Global fund managers are most concerned about deflation in the coming year, according to Bank of America Merill Lynch.
While the collapse of commodities caused by a rapid decline in China’s economy was investors’ biggest concern last December, deflation wasn’t explicitly on their radar.
“Interestingly, at the end of 2013, investors had started to become uneasy about the risk of inflation,” wrote BAML’s Savita Subramanian in the firm’s US Equity Strategy Year Ahead for 2015.
But their concerns are quite different one year later.
The responses below from a separate poll question showed that investors are specifically concerned about deflation risks stemming out of the Eurozone.
The European Central Bank is struggling to fight off deflation, as several member countries have posted negative Consumer Price Index readings in recent months.
And while the US continues to post a positive CPI reading, the Federal Reserve recently expressed concern about inflation being below its 2% target. It remains something that they are watching closely in the run up to raising interest rates.
Personal consumption expenditures, or PCE — the Fed’s preferred measure of inflation — rose 2.2% in the third quarter. Bank of America forecasts core CPI at 1.8% for the fourth quarter of 2014 and for each quarter in 2015.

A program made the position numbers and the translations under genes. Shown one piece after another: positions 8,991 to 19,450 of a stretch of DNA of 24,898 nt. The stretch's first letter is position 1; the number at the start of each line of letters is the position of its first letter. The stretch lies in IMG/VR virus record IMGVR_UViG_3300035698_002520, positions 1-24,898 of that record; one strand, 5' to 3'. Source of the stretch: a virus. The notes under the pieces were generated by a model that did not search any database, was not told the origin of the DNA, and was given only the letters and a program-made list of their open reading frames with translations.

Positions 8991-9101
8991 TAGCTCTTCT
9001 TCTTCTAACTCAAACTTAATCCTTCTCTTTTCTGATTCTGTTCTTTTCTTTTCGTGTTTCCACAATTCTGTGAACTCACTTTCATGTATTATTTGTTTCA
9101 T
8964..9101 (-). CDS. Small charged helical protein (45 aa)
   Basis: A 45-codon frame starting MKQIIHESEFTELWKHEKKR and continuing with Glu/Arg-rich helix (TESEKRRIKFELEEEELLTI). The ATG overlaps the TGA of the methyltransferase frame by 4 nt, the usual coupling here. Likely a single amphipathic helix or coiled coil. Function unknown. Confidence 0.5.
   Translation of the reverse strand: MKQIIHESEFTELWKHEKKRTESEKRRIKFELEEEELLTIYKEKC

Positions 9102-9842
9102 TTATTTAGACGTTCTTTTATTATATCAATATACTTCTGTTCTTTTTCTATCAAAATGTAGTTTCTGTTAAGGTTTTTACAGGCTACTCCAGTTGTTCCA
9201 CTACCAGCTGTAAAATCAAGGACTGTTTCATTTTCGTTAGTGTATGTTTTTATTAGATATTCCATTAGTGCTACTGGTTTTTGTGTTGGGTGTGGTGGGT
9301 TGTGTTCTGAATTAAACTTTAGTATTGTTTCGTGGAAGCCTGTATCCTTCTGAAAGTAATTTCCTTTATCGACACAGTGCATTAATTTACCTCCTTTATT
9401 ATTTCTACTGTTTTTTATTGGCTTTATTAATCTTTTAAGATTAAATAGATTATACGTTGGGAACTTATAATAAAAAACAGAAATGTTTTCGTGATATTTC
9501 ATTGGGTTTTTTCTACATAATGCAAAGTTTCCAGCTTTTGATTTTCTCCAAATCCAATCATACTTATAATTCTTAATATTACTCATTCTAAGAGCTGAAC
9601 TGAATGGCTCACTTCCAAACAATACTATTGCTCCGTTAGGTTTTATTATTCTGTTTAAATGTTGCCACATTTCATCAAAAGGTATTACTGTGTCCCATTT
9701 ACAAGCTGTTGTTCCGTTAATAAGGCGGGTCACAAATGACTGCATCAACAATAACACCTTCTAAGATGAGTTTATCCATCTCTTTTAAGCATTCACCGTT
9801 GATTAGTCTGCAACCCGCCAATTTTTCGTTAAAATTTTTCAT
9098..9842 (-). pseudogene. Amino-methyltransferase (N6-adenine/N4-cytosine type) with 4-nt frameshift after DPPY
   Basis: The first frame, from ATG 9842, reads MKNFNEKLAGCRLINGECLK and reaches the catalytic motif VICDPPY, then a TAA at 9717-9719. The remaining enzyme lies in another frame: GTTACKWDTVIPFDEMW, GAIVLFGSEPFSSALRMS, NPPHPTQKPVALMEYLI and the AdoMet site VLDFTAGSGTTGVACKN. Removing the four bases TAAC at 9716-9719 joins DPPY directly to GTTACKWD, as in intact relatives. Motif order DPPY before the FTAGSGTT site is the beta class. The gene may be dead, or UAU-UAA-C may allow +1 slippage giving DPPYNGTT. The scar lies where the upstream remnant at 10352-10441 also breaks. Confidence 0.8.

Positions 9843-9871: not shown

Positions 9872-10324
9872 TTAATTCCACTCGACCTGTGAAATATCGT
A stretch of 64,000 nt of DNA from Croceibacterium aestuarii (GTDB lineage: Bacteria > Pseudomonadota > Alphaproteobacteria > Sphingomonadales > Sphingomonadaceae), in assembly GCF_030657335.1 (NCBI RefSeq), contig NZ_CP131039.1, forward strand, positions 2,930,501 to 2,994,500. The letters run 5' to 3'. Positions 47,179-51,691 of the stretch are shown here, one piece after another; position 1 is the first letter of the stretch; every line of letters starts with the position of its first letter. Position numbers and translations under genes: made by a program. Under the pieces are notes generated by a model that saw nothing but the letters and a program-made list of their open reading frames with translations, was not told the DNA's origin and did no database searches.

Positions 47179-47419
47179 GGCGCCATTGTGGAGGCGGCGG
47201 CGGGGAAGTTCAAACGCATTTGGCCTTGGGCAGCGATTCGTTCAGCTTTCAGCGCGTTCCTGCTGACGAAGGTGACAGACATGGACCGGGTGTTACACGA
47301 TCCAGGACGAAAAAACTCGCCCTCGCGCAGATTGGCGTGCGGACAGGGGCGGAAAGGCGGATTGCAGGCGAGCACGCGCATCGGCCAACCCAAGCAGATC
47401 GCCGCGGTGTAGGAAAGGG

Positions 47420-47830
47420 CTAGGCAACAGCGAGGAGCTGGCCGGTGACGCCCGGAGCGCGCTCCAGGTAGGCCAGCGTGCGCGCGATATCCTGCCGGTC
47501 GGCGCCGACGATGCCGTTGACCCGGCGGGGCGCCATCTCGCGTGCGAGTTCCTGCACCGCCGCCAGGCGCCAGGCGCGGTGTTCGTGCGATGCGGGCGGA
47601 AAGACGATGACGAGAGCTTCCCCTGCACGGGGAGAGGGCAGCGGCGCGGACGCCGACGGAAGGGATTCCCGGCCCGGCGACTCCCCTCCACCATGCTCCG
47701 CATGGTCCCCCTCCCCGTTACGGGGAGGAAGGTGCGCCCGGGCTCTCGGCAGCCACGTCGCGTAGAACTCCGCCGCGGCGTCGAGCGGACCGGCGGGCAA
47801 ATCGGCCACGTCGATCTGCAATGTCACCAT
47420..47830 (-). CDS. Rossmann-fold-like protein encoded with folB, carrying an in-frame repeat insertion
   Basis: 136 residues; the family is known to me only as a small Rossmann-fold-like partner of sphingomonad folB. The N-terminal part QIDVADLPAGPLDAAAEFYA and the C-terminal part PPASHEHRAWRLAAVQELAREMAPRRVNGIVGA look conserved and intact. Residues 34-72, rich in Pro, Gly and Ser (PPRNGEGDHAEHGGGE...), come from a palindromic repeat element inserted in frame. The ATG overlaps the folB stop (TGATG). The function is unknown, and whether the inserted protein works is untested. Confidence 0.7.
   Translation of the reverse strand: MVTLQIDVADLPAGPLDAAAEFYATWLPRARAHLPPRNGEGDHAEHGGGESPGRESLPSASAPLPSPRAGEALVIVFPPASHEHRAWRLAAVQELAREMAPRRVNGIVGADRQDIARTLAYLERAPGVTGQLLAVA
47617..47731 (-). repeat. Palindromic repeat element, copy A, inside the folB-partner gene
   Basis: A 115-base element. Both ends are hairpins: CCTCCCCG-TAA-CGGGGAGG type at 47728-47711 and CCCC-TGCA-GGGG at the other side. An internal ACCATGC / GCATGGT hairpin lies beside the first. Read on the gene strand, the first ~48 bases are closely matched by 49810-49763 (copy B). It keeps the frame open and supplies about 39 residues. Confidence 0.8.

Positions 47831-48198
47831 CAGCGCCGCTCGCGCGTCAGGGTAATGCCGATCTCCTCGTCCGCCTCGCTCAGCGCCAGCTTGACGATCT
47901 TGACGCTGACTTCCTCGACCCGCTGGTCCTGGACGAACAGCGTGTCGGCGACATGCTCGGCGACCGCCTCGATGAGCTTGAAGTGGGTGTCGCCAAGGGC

Here’s how Subramanian described their outlook for inflation in the US: “While other regions, such as Europe and Japan, are struggling to fight off deflation, US inflation remains in the sweet spot of 1.3% inflation, where market returns have historically been the strongest. While headline CPI may moderate and even temporarily fall below 1% due to commodity fluctuations, we expect core CPI to remain well above 1% over the next several years. Longer term inflation expectations retraced over the last few months to 1.9%.”
Deflation is a troubling phenomenon. While consumers might like falling prices, it encourages everyone to hold off on spending, which in turn leads to even lower prices. This causes economic activity to grind lower.
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